Warning: Spoilers for Avengers: Endgame ahead!
Avengers: Endgame certainly doesn’t need us, or anyone, to rhetorically butter its bread any further, having just passed $2 billion worldwide at the box office in only its second week. – It’s the biggest movie ever… ‘nuff said. However, for former 13 Reasons Why star Katherine Langford, who played a role in the film, Endgame will likely stand as a bittersweet CV entry, since her performance was left on the cutting room floor by directors Joe and Anthony Russo, who just revealed what character she played.
In an interview on MTV’s Happy Sad Confused podcast, the Russo Brothers finally confirmed Katherine Langford’s mystery role in Avengers: Endgame as Tony Stark’s daughter, Morgan Stark, or more specifically, a version of her from the future, via some Infinity Stone timey-wimey. Indeed, while actress Lexi Rabe – in her onscreen debut – played the part of the pint-sized 4-ish year-old Morgan in the primary timeline, it seems that Tony was originally supposed to meet a young adult manifestation of Morgan, as played by Langford. As Joe Russo explains of the cut scene (via Slashfilm):
“There was an idea that we had that Tony was going to go into the metaphysical way station that Thanos goes in when he snapped his fingers. And that there was going to be a future version of his daughter in that way station.”
We saw this “metaphysical way station” in Avengers: Infinity War when Thanos completed the Infinity Gauntlet and – thanks to Thor not going for the head – initiated the fateful snap that cut the universe’s population in half, after which he experienced a vision of a purgatory-like, realm, where a young child manifestation of Gamora – whose adult version he sacrificed to obtain the Soul Stone – reminded him of everything that it personally cost.
Indeed, the climactic moment of Avengers: Endgame saw Tony utilize his own version of the Infinity Gauntlet to execute a snap that would – in a manner akin to the original move – reduce Thanos and his Earth-invading armies to dust. Pertinently, the original plan was to have Tony, like Thanos, experience a post-snap epiphany-induced vision of Langford’s Morgan. However, the Russos ultimately nixed the scene after it became clear that there wasn’t enough emotional investment involved. As Joe Russo further explains:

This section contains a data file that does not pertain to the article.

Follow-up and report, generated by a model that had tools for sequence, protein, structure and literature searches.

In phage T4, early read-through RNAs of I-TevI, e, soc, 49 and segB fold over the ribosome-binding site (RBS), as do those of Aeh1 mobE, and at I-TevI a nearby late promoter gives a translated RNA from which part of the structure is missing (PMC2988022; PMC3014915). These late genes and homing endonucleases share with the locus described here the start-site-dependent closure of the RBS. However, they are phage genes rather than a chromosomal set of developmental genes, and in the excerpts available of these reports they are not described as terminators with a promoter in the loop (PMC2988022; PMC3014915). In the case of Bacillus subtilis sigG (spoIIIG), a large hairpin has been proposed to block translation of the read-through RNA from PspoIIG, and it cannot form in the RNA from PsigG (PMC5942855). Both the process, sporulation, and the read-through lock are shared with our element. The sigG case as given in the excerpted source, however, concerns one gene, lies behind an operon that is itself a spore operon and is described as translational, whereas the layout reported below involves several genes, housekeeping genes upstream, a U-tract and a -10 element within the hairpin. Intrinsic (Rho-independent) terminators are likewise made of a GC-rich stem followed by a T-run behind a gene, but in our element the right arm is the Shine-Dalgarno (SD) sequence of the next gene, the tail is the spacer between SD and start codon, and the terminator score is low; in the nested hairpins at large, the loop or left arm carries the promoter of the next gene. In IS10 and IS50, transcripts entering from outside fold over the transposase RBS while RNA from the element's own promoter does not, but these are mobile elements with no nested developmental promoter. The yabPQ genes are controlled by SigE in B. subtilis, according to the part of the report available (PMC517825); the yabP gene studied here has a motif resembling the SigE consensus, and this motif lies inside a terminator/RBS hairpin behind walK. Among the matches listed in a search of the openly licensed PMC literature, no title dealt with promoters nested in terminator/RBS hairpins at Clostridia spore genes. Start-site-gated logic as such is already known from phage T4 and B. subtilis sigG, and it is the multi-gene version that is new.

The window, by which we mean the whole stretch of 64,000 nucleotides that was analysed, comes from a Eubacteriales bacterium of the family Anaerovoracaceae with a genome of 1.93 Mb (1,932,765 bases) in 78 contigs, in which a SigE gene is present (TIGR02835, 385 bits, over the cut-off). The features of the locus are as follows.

“The intention was that his future daughter, because these films are dealing with magic, his future daughter forgave him and sort of gave him peace to go. And the idea felt resonant. But it was just too many ideas in an overly complicated movie.”
As Anthony Russo adds:
“What we realized about it was we didn’t feel an emotional association with the adult version of his daughter. So, it wasn’t ringing to us and resonating with us on an emotional level.”
Additionally, for what it’s worth, Endgame had already effectively scooped a bucketful from the “hero reuniting with an older version of his young daughter” well when Scott Lang/Ant-Man – who emerged from the Quantum Realm after what was just a few hours for him, but was actually five years – experienced a major emotional moment upon meeting a teenage version of his daughter, Cassie; a move that handed the role from the Ant-Man films from Abby Ryder Fortson to Emma Fuhrmann.
Regardless, with a runtime of over three hours, the Russos clearly had critical choices to make with Avengers: Endgame; choices that, by most accounts, seemed to have worked out well enough for the film to end up as the record-breaking monster it has become.